• P. 94.
  • A divine life is hidden in every seed we sow for Jesus. It matters not how small the seed may be, nor in what secluded part of the vineyard it may be sown — a prayer, a word, a look, a pressure of the hand — God's almighty energy is enfolded in every seed which we sow in the Master's name and for His glory.
    • P. 128.
  • I know that with consecration on the part of believers, separation from the world, disentanglement from enslaving sins, and a mighty baptism of the Holy Spirit, the church would become a conquering power in the world, not by its constructed theology, not by its Sabbath services, not by its arguments to convince the intellect, but by its simple story of Jesus' love, by the CROSS, the CROSS — God's hammer, God's fire.
    • P. 144.
  • Do you recall the laughter of the Philistines at the helpless Sampson? You can hear the echo of that laughter to-day, as the church, shorn of her strength by her own sin, is an object of ridicule to the world, who cry in derision, "Where is your boasted triumph and your Millennial glory?"
    • P. 147.
  • And this is the mission of the church — not civilization, but salvation — not better laws, purer legislation, social elevation, human equality, and liberty, but FIRST, the " kingdom of God and His righteousness;" regenerated hearts, and all other things will follow.
    • P. 149.
  • A love to Christ which is so cowardly and selfish that it is unwilling to proclaim by a public confession its faith in Him who hung before all the world crucified for sinners, is a love which is hardly worth the name.
    • P. 155.
  • This bread and wine are the simple but eloquent monument to the infinite love of the Son of God, around which we gather with tender, tearful gratitude, because He loved us'so, and because we know that our garlands of affection and consecration are pleasing to Him.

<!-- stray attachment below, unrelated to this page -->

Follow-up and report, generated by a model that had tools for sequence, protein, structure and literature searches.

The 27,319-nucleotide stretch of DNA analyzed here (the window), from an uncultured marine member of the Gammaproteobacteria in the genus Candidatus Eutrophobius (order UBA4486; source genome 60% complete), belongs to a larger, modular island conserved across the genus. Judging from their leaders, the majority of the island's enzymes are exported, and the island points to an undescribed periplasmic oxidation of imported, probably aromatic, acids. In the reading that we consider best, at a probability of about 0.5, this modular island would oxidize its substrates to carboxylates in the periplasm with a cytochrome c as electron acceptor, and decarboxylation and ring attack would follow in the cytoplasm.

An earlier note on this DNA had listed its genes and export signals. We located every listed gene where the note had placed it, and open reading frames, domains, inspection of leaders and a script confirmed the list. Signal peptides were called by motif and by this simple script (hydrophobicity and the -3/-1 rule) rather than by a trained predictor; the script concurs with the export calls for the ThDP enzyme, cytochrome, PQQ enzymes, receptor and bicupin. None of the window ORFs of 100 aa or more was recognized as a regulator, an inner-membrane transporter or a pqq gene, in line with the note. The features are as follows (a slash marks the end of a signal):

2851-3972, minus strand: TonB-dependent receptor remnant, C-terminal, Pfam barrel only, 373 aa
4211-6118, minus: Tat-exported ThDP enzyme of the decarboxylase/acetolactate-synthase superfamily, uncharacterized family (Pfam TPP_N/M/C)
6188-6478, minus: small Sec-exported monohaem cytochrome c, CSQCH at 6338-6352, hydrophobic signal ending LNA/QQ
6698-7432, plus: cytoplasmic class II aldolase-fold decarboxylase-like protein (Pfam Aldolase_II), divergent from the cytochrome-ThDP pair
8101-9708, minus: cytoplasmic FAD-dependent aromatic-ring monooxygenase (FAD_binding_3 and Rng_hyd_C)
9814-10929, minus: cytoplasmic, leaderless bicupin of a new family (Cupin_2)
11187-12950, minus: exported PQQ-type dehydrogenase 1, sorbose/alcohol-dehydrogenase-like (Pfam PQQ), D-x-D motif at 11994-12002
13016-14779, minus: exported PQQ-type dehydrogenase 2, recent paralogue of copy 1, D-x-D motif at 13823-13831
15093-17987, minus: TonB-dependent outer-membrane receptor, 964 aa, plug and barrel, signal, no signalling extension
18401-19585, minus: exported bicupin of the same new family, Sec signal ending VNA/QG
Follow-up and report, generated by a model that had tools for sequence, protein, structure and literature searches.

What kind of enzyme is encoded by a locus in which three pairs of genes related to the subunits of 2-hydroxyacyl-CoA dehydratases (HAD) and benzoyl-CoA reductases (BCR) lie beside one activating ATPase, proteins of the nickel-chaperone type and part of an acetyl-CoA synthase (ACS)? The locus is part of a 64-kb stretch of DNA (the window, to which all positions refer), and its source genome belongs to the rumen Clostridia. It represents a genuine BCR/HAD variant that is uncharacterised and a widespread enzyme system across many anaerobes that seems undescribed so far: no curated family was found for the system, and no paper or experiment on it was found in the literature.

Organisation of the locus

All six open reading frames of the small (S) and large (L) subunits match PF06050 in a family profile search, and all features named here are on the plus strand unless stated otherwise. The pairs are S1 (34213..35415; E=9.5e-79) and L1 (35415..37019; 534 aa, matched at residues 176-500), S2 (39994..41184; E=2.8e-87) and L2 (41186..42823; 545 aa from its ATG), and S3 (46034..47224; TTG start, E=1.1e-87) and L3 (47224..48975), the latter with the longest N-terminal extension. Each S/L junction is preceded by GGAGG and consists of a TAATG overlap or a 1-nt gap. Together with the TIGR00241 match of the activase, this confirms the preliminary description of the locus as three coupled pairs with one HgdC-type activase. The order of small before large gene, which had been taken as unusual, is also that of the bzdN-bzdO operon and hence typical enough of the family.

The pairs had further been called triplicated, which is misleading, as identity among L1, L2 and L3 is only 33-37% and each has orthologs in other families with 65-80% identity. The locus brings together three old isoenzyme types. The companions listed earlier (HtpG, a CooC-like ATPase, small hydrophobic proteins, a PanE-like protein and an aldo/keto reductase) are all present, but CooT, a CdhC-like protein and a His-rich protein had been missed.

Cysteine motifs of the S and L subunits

• P. 371.
  • Beloved, I congratulate you, that you are at the feast of redeeming love, that you know the riches of grace in Christ Jesus; but this is only the "early meal" (introductory feast); the " grand supper "is awaiting you, at the close of the day, in the palace of the King, where the fellowship will be perfect and eternal, where the table will be beyond all the mists and fogs of sin, where death never enters to disturb the festivities, and where we shall see the Lamb face to face. O! if the feast with Jesus here is so precious, what, what must heaven be!
    • P. 372.
  • The Lord's Supper! the marriage supper of the Lamb! There are vacant seats around the table here. Will there be dear ones missed at the table there?
    • P. 374.
  • If you and I shall, like the believing shepherds, watch and long for His appearing, one day we, too, shall hear a music grander and sweeter even than the song of angels, when the great Composer shall transpose all the strains of earth from the minor into the major, when the wail of nature shall give way to the glad harmony of the everlasting jubilee.
    • P. 555.
  • Dear friends, have you begun to sing the "new song? " Loved ones are singing it in the heavenly home, and we may sing it here; and by and by we shall join them, gaze with them on the risen, glorified Lord, and our voices will mingle in the "new song" "unto Him that loved us, and washed us from our sins in His own blood, to Him be glory and dominion for ever and ever."
    • P. 555.
  • "I am trying to trust," said one to me this past week, who had heard the earth falling on the casket which held the cold form of the dearest human friend, " I am trying to trust," and so I have seen a bird with a broken wing trying to fly. When the heart is broken, all our trying will only increase our pain and unrest. But if, instead of trying to trust, we will press closer to the Comforter, and lean our weary heads upon His sufficient grace, the trust will come without our trying, and the promised "perfect peace" will calm every troubled wave of sorrow.
    • P. 600.
  • O! to abide ever in Christ— to know His fellowship, to keep our hearts resting upon His infinite love, and there to grow from spiritual infancy to the full stature in holiness and love and joy and peace. May this be your experience every day and hour, strong in Him, fruitful in Him, happy in Him, until with the crumbling of the tabernacle of clay, the fellowship is perfect in the house not made with hands, where we shall see Him as He is.
    • P. 609.